Washington Project for the Arts

Washington Project for the Arts


WPA supports artist-driven projects, advocacy, and dialogue so that artists can live, work, and flourish. 

Come visit Hedonist Buddhist at the WPA Annex @ 1921 8th ST NW, Washington, DC 20001


Exhibtion on view: Hedonist Buddhist

Hedonist Buddhist transforms an exclusionary retail environment in Shaw into a solution-oriented community space that provides sanctuary for people feeling the consumptive pressures of gentrification, the loss of cultural connection, and the inevitability of displacement. 
This show responds to the rise of gentrifiers who have imposed a new consumptive lifestyle upon several historically marginalized neighborhoods in DC. In Shaw, over the last thirty years, the process of gentrification has forced longtime residents out. As housing prices have soared 500% higher and average incomes have tripled, the neighborhood’s African-American population has plunged by nearly 40%. The process continues to hurt families, erase history, and transform DC block-by-block into an amnesiac wasteland of conspicuous consumption amidst drastic social inequality. 

While Hedonist Buddhist is grounded in a particular DC neighborhood, gentrification must be understood as a global problem connected to a colonial understanding of power and its right to grant privileges to some through the exploitation of others. The artists in this show interrogate ideas related to their respective histories in relation to the imposition of this class-based racialized hierarchy. Alongside their artworks, the exhibition presents a collection of books elaborating these fraught histories. By examining our own disparate narratives, and pursuing a dialogue rooted in a global collective struggle, like-minded allies will find opportunities to cultivate new methods of resistance.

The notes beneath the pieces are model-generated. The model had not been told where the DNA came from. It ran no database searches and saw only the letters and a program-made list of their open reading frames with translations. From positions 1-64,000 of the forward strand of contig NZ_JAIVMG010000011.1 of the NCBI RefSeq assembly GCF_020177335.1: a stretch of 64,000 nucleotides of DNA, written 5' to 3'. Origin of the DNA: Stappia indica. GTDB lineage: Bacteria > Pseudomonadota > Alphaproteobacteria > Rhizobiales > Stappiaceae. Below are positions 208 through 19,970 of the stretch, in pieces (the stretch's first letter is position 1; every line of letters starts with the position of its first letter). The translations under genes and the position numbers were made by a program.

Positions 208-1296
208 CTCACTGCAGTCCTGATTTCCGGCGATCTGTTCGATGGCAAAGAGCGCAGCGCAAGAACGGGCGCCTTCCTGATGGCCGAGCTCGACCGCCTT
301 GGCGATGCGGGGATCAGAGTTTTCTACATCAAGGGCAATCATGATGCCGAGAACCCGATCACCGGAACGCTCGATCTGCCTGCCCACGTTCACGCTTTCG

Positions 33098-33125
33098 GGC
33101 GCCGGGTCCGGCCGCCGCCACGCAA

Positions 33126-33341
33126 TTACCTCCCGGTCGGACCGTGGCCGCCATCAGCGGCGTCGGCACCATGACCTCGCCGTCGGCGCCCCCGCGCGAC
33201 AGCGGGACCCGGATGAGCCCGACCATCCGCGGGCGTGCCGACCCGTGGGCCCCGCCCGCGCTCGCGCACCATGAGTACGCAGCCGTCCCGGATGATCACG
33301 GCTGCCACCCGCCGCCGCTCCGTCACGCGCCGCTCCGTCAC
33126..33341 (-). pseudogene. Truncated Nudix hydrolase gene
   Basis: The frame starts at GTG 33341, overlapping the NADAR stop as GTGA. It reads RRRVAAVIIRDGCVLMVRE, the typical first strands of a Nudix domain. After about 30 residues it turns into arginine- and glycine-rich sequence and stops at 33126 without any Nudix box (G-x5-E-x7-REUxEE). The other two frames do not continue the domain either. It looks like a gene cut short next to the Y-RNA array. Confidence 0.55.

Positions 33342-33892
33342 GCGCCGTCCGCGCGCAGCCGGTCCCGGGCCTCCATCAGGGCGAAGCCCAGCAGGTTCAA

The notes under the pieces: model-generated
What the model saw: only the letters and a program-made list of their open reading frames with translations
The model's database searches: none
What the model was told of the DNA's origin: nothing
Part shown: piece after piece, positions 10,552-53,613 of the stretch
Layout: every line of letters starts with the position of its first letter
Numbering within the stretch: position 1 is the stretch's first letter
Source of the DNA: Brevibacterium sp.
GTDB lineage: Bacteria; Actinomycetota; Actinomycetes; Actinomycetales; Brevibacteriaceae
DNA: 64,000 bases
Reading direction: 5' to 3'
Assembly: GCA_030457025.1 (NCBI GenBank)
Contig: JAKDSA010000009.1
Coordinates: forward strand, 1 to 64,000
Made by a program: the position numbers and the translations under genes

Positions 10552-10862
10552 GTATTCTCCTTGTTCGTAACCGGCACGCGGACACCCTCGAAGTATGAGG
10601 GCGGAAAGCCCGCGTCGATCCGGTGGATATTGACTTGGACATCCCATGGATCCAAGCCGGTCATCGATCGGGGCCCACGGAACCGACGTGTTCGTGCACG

About the Curator:

Joseph Orzal is a Filipino-Mexican-American artist, curator, and serial collaborator from Washington DC. He received his BFA from the Corcoran College of the Art in 2010 and has been actively exhibiting since then. His works combine physical and emotional observations of the human state and mine the palpable yet unspoken intricacies of racial, sexual, and class distinctions in Western societies. After his glorious departure from the Corcoran Gallery of Art, amidst his involvement with the Save the Corcoran group, he co-founded NoMüNoMü—an intersectional artist collective and curatorial platform in Washington DC working towards liberation from the perpetual systems of oppression and class domination that permeate throughout the artworld.

Gallery Hours:
Wednesday-Friday, 2-7pm
Saturday, 2-8pm